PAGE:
Some warts are just more resilient than others. If warts have begun spreading, or if more mild treatments don't work, there are other options available:
- Surgical removal. A wart can be removed for good the old-fashioned way, through surgery. Doctors will cut around the wart to excise it. This requires local anesthesia and may cause scarring.
- Laser surgery. Warts can be eliminated using CO2 lasers or electric lasers. Scarring is common, and this option is normally reserved for warts that haven't reacted to other treatments. Lasers use a strong, focused beam of light to burn off warts. CO2 lasers essentially vaporize the wart, causing it to burn and blister. Your body's immune response will then kick in and finish destroying the wart and healing the skin from within.
- Pulsed dye laser. This laser option reportedly removes warts 95 percent of the time [source: Feet for Life]. Unlike CO2 lasers, pulsed dye lasers don't normally leave scars behind, and three out of four people will lose the wart in three treatments or less [source: AOCD]. The wart's red blood cells absorb the light, cutting off the blood supply.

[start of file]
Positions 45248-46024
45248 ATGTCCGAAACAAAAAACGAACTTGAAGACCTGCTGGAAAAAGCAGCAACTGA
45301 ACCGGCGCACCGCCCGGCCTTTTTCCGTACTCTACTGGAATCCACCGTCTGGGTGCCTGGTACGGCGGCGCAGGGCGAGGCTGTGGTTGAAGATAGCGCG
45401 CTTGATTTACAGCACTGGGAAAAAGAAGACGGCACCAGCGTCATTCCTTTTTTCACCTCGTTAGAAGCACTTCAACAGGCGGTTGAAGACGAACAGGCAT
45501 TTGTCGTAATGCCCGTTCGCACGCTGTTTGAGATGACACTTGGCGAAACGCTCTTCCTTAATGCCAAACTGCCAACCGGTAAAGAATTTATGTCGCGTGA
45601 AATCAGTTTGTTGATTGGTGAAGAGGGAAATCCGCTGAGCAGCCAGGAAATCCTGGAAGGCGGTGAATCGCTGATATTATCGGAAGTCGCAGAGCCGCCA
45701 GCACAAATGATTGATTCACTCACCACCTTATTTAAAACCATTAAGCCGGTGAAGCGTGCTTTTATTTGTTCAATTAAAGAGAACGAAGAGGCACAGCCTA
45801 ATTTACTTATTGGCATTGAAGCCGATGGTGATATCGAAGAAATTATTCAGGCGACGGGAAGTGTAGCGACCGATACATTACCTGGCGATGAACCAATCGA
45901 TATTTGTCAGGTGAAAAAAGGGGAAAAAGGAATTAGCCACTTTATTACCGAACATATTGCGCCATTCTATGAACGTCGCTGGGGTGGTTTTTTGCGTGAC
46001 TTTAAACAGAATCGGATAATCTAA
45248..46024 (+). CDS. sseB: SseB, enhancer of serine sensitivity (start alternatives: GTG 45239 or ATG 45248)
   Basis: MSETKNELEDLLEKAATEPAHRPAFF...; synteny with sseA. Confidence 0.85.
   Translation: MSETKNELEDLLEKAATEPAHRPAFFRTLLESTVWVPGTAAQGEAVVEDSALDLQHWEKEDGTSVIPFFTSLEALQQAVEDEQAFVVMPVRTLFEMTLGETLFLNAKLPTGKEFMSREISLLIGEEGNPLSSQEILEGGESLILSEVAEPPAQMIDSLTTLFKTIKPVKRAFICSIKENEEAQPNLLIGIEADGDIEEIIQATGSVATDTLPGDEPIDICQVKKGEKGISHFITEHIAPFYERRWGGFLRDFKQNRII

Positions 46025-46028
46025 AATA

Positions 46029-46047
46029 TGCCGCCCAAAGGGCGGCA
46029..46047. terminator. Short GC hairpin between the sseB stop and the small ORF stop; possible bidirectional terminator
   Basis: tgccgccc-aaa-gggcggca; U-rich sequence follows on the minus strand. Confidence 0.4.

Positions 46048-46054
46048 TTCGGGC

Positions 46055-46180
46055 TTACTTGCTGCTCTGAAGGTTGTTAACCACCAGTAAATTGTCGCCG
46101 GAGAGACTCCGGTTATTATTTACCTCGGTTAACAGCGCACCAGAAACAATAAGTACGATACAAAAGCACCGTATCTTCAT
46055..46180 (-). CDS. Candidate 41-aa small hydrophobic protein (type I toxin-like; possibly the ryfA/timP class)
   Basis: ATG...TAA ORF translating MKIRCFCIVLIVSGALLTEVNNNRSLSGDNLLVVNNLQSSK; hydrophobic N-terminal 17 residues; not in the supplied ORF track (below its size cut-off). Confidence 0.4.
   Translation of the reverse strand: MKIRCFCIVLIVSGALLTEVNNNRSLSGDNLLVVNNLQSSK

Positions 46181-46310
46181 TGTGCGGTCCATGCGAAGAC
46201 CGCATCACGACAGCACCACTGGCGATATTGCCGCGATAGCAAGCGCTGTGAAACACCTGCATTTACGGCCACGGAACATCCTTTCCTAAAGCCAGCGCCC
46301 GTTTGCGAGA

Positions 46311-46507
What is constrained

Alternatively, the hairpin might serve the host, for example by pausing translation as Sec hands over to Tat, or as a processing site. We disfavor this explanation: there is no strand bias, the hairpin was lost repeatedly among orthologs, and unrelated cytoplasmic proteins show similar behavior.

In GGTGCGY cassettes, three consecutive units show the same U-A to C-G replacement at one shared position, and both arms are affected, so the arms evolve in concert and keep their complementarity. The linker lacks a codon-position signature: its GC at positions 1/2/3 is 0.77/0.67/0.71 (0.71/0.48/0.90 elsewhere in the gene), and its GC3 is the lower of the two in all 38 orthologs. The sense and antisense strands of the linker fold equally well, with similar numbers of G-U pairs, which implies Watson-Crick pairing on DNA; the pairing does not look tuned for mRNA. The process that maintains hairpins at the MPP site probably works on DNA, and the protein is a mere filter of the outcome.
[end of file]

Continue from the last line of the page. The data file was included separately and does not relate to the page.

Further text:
- Electric needle. Burning off a wart surgically with an electric needle has the same effectiveness as a CO2 laser. Doctors will apply the electric needle to its base, cutting it off at the skin. It will cause some scarring.
- Antigen shot (immunotherapy). This form of treatment involves the injection of antigens, foreign bodies your immune system will recognize as invasive agents. Candida antigen, derived from the same yeast that causes yeast infections, is often used. This prompts your immune system to rush immune cells to the scene (the wart) to destroy the injected antigen, and the wart along with it. There is no scarring, but the injections themselves can be painful.
- Needling. This process involves jabbing the wart numerous times with a needle, then injecting it with cortisone.
You'll find an option that works for you when it comes to getting rid of warts. Of course, the best offense is a strong defense, and there have been several recent medical breakthroughs in developing vaccines against the strains of HPV that cause warts. One vaccine available protects against two HPV strains responsible for nine out of 10 warts.
For lots more information on warts and skin care, please see the next page.